To counter foreign disinformation and propaganda, and for other purposes.
The bill’s titles are written by its sponsor.
Sponsor and status
Sponsor. Representative for Illinois's 16th congressional district. Republican.
Last Updated: May 10, 2016
Length: 11 pages
114th Congress, 2015–2017
This bill was introduced on May 10, 2016, in a previous session of Congress, but was not enacted.
What legislators are saying
“Rep. Kinzinger Statement on Ukrainian Pilot Nadiya Savchenkos Release from Russian Prison”
— Rep. Adam Kinzinger [R-IL16] (Sponsor) on May 25, 2016
“congressman Lieu statement on house passage of the 2017 ndaa”
— Rep. Ted Lieu [D-CA33] (Co-sponsor) on Dec 2, 2016
“reps. Lieu and kinzinger introduce legislation to counter foreign government propaganda”
— Rep. Ted Lieu [D-CA33] (Co-sponsor) on May 11, 2016
May 10, 2016
Bills and resolutions are referred to committees which debate the bill before possibly sending it on to the whole chamber.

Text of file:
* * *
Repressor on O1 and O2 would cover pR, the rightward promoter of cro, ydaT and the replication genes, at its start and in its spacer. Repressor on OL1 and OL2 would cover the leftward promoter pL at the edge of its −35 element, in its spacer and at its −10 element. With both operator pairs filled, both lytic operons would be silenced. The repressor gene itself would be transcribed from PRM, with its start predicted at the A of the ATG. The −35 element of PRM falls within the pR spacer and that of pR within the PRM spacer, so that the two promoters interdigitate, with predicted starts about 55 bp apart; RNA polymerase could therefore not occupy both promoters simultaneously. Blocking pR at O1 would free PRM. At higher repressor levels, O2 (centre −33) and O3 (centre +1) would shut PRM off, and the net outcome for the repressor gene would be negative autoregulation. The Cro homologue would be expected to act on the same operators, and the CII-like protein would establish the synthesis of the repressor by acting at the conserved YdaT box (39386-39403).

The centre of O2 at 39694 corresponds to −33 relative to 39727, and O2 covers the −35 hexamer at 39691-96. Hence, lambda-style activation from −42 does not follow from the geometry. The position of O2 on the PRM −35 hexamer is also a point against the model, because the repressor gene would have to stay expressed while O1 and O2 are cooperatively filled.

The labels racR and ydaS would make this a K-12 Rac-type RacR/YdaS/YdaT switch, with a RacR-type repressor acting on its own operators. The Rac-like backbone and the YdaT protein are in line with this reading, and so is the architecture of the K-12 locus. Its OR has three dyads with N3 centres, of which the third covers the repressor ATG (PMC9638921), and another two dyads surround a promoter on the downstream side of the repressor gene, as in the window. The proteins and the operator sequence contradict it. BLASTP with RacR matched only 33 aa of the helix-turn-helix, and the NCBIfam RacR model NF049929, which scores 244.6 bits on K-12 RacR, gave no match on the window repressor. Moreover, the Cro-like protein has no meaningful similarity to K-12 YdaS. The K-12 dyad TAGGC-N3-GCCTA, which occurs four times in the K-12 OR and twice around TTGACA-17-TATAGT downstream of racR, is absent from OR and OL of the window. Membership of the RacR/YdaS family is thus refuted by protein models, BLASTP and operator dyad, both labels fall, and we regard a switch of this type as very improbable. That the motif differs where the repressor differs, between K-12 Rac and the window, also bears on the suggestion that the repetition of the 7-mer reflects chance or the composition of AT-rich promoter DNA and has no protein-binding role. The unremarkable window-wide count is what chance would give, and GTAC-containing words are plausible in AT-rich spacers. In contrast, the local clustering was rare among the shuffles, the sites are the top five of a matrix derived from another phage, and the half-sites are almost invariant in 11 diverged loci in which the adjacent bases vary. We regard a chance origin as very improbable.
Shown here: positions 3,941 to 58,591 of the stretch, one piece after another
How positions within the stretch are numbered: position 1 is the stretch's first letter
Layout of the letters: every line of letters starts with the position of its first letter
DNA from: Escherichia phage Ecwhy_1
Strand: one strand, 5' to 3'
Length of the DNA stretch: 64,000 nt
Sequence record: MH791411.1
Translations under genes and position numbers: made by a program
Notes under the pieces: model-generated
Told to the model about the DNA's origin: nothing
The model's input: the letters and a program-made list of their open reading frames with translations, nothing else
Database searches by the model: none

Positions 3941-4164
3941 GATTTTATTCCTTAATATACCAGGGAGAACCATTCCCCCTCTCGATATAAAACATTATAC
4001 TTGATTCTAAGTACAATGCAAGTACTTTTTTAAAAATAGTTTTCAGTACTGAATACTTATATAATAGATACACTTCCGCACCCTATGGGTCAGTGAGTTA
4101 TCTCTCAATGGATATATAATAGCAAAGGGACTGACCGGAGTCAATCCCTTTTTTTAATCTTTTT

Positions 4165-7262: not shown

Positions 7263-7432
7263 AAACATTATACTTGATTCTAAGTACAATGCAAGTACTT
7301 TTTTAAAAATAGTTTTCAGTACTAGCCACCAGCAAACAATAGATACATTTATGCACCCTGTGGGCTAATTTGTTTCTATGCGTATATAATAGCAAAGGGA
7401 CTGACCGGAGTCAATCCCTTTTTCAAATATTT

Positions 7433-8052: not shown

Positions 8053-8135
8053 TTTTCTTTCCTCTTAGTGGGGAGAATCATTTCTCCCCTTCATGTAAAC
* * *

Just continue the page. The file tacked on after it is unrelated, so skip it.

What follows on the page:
H.R. 5181 (114th) was a bill in the United States Congress.
A bill must be passed by both the House and Senate in identical form and then be signed by the President to become law.
This bill was introduced in the 114th Congress, which met from Jan 6, 2015 to Jan 3, 2017. Legislation not enacted by the end of a Congress is cleared from the books.
How to cite this information.
We recommend the following MLA-formatted citation when using the information you see here in academic work:
GovTrack.us. (2019). H.R. 5181 — 114th Congress: Countering Foreign Propaganda and Disinformation Act of 2016. Retrieved from https://www.govtrack.us/congress/bills/114/hr5181
“H.R. 5181 — 114th Congress: Countering Foreign Propaganda and Disinformation Act of 2016.” www.GovTrack.us. 2016. June 19, 2019 <https://www.govtrack.us/congress/bills/114/hr5181>
Countering Foreign Propaganda and Disinformation Act of 2016, H.R. 5181, 114th Cong..
|title=H.R. 5181 (114th)
|accessdate=June 19, 2019
|author=114th Congress (2016)
|date=May 10, 2016
|quote=Countering Foreign Propaganda and Disinformation Act of 2016
Where is this information from?
GovTrack automatically collects legislative information from a variety of governmental and non-governmental sources. This page is sourced primarily from Congress.gov, the official portal of the United States Congress. Congress.gov is generally updated one day after events occur, and so legislative activity shown here may be one day behind. Data via the congress project.